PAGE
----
Wednesday, May 17, 2017


Devotion: Philippians 4:4

One point I find myself making often is that most of the Scripture, especially the letters of the New Testament are written to a plural audience. Many of those 'you' statements in Scripture are plural. Our friends in the south would say, "y'all" and our friends in the northeast would say, "yous guys." This is especially important to remember when we approach commands in the New Testament, like we have in our quite famous passage this week:
"Rejoice in the Lord always; again I will say, rejoice." -Philippians 4:4 ESV
After urging the Philippians to greater unity (see last week's post), the Apostle turns to exhortation and begins with rejoicing. To be sure, he is writing to a community that is going through deep conflict and seeking resolution. In my experience, following resolution of conflict what I long for is rest and perhaps retreat. Yet, and this is crucial, the Apostle says that not just at the resolution of conflict, but perhaps even in the midst of it, we are to rejoice.
So what if I do not feel much like rejoicing? Ah, this is where the plural becomes important. I once had a friend going through an extremely difficult period in his life. As we talked together, it became apparent that he was not doing much praying, let alone much rejoicing. As a brother in Christ I encouraged him to pray and even to find reasons to rejoice in the Lord, yet even if he could not, I assured him that the Church would be praying and rejoicing on his behalf until such time as the Spirit restored his joy.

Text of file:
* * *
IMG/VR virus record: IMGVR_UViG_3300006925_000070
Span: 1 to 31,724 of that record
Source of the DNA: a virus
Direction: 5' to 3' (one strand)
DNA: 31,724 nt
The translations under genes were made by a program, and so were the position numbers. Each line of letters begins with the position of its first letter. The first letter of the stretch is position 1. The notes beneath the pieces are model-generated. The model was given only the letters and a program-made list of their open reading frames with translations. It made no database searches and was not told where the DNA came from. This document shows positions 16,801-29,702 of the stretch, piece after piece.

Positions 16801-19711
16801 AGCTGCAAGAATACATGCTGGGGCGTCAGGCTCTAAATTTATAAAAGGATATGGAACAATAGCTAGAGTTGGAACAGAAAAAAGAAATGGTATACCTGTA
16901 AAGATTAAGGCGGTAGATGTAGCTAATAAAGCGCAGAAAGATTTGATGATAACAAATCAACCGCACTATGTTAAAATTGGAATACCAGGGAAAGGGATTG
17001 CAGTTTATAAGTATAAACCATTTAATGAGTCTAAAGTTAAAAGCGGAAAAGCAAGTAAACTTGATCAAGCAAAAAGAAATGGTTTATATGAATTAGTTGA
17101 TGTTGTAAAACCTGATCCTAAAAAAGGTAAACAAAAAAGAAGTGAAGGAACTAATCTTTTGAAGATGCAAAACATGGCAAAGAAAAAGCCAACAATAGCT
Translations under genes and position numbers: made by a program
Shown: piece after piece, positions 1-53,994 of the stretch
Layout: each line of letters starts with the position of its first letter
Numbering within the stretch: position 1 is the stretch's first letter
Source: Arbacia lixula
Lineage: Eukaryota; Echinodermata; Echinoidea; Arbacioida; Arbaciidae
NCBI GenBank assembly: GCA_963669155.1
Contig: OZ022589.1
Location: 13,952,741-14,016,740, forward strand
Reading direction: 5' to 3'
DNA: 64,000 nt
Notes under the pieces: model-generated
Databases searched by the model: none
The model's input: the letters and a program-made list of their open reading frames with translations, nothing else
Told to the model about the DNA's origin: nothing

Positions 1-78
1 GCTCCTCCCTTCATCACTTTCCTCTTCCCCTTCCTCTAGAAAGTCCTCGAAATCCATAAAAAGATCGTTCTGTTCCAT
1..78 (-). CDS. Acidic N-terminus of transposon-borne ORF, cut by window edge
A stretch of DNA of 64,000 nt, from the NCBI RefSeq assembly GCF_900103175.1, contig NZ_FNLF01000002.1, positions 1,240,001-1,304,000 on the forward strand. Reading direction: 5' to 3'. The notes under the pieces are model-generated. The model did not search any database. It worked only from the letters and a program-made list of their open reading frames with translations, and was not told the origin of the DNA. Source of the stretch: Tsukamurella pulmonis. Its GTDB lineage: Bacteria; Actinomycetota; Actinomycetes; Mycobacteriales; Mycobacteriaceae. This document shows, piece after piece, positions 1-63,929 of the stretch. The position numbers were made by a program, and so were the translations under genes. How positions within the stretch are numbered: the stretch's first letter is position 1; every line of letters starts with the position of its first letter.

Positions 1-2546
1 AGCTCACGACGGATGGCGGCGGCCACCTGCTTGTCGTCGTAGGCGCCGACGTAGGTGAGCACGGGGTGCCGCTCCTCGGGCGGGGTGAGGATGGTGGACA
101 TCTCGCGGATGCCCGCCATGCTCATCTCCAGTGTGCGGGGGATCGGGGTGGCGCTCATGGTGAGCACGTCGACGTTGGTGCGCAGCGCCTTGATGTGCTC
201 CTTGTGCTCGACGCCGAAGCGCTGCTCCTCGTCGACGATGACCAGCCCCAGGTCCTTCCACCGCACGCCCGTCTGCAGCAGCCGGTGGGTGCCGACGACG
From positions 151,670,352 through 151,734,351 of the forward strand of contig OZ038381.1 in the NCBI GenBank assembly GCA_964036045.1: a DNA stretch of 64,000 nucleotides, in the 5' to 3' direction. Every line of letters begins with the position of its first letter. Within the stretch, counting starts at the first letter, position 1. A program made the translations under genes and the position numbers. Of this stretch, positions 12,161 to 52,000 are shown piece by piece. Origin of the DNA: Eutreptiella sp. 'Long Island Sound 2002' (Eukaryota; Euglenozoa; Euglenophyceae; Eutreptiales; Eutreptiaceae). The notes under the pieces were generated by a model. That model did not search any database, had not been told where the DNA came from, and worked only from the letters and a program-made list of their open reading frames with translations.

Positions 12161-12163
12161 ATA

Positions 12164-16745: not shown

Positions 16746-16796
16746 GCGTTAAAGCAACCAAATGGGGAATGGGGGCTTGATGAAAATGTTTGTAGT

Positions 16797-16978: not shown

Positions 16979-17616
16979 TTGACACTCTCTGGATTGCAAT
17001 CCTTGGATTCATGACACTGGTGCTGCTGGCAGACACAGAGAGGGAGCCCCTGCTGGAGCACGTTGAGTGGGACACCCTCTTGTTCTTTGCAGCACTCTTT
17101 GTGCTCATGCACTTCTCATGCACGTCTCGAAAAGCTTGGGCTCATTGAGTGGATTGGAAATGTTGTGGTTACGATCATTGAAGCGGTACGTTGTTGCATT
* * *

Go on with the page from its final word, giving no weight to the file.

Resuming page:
If there was anyone who had reason to complain and avoid rejoicing, the Apostle Paul had more. Indeed, even as he wrote to the Philippians he was imprisoned awaiting a trial with an uncertain outcome, but could very well result in his execution. Yet, it is the Apostle who urges rejoicing. It is the same Apostle who assured the Romans, "For I consider that the sufferings of this present time are not worth comparing with the glory that is to be revealed to us." [Romans 8:18]. With that assurance, the Apostle had every reason to rejoice even in the midst of suffering and conflict because he knew that he had a bright hope in the resurrection in the Kingdom of God.
So what in your life is keeping you from rejoicing? Do you need someone to come alongside you in prayer and support to rejoice with you? Do you need to seek the Spirit to restore your sense of joy in salvation in Christ. Whatever the case, listen to the Apostle and rejoice in the Lord again and again.

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